PHOTO 9: Denali immortalized on the wall!
And finally, we see that Tad’s son Denali has literally become a poster boy for lifetime membership in the IAS. Actually, he’s a “Centennial Patron,” whatever that is.
So that’s a glimpse into the life of Tad Reeves and his family. One thing’s for sure: he is very happy about being a Scientologist, and I can respect that.
Tony Ortega is the editor-in-chief of The Village Voice. Since 1995, he’s been writing about Scientology at several publications. Among his other stories about L. Ron Hubbard’s organization:
The Larry Wollersheim Saga — Scientology Finally Pays For Its Fraud
The Tory Bezazian (Christman) Story — How the Internet Saved A Scientologist From Herself
The Jason Beghe Defection — A Scientology Celebrity Goes Rogue
The Paul Haggis Ultimatum — The ‘Crash’ Director Tells Scientology to Shove It
The Marc Headley Escape — ‘Tom Cruise Told Me to Talk to a Bottle’
The Jefferson Hawkins Stipulation — Scientology’s former PR genius comes clean
The Daniel Montalvo Double-Cross — Scientology lures a young defector into a trap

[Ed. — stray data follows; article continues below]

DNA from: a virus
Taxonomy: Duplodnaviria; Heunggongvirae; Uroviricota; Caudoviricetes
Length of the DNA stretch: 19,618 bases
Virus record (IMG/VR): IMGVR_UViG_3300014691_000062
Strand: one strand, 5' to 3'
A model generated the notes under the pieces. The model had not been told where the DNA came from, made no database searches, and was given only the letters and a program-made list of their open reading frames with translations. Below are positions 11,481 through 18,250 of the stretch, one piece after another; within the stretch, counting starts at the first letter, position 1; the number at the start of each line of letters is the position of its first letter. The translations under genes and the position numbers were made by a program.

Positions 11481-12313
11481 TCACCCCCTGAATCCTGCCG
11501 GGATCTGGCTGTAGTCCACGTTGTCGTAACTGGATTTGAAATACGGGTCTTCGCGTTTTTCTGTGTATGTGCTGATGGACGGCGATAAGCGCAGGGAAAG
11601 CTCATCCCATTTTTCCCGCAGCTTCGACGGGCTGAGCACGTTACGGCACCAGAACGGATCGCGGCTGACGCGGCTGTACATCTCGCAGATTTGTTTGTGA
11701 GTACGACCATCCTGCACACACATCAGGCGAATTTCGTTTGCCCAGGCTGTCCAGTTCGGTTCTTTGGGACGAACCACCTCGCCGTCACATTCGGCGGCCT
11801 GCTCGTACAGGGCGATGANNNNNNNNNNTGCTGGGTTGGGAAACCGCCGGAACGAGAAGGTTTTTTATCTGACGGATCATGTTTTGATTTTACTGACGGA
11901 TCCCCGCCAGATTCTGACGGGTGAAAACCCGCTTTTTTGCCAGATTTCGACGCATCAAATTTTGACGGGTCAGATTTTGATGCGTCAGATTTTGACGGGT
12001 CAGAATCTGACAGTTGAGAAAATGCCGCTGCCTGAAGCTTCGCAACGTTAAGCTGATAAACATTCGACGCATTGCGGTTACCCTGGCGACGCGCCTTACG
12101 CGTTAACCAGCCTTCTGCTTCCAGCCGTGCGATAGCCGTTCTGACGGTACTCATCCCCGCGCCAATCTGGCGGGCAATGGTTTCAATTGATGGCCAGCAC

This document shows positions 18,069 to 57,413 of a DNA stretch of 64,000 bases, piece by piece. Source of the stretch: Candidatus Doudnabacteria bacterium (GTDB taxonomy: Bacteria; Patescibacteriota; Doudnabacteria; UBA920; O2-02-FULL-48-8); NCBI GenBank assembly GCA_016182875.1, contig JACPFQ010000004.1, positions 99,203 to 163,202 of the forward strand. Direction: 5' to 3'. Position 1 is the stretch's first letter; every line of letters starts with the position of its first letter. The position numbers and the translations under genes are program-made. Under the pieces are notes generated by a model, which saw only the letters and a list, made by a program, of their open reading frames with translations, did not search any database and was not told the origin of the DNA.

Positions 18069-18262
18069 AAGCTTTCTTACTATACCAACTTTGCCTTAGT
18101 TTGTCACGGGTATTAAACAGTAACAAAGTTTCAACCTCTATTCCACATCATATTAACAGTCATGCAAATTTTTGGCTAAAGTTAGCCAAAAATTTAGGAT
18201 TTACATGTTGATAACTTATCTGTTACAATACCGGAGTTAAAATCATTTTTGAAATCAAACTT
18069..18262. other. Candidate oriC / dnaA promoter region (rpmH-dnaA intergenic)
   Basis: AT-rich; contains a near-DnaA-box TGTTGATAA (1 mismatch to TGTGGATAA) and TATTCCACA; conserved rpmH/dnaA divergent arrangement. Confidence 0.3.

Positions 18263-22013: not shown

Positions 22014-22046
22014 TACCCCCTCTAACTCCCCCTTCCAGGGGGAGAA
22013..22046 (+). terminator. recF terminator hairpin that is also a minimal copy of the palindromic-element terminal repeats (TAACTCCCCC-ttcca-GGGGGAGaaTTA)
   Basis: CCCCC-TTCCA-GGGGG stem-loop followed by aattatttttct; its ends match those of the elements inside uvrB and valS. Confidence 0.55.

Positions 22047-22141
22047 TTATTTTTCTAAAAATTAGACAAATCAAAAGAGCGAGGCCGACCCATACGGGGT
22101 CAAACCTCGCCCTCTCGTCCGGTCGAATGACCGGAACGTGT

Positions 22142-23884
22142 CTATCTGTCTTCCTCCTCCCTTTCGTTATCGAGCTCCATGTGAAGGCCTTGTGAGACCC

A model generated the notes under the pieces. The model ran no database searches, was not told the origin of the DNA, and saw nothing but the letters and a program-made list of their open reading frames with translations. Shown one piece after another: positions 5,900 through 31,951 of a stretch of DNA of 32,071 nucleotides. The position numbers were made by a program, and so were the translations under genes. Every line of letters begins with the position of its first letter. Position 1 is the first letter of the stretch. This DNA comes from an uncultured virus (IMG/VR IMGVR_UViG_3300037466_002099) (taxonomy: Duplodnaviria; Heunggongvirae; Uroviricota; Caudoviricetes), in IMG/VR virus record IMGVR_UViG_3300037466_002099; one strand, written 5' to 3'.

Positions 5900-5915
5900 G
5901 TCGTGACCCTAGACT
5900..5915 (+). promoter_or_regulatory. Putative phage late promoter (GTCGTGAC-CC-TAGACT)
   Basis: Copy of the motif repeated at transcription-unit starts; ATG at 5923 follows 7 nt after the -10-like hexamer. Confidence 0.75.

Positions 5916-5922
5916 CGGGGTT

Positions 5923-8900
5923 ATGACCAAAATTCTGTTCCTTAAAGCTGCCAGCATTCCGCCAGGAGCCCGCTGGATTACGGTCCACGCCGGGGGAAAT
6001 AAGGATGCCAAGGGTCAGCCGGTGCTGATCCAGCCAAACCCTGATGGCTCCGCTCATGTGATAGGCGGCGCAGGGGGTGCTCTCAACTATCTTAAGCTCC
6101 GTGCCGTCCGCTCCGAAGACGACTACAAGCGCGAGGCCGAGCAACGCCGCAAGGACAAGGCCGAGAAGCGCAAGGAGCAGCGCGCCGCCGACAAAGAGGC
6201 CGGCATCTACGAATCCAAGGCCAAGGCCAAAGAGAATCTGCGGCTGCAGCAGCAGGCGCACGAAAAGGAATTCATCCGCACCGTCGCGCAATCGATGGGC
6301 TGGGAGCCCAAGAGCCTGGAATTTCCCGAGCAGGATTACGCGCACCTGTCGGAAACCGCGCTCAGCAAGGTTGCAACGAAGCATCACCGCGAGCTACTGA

A Church Myth Debunked — Scientology and Proposition 8
Daniel Montalvo Strikes Back — Scientology Hit with Stunning Child-Labor Lawsuits
When Scientologists Attack — The Marty Rathbun Intimidation
A Scientologist Excommunicated — The Michael Fairman SP Declaration
The Richard Leiby Operation — Investigating a reporter’s divorce to shut him up
The Hugh Urban Investigation — An academic takes a harsh look at Scientology’s past
Giovanni Ribisi as David Koresh — A precedent for a Scientology-Branch Davidian link
Janet Reitman’s Inside Scientology — A masterful telling of Scientology’s history
The Western Spy Network Revealed? — Marty Rathbun ups the ante on David Miscavige
Scientology’s Enemies List — Are You On It?
Inside Inside Scientology — An interview with author Janet Reitman
Scientology and the Nation of Islam — Holy Doctrinal Mashup, Batman!
Scientologists — How Many of Them Are There, Anyway?
Roger Weller’s Wild Ride — Scientology When it was Hip
The Marc Headley Infiltration — A Scientology Spying Operation Revealed
Placido Domingo Jr: Scientology’s Retaliation is “Scary and Pathetic”
An Interview with Nancy Many, Former Scientology Spy
This article from the Village Voice Archive was posted on July 26, 2011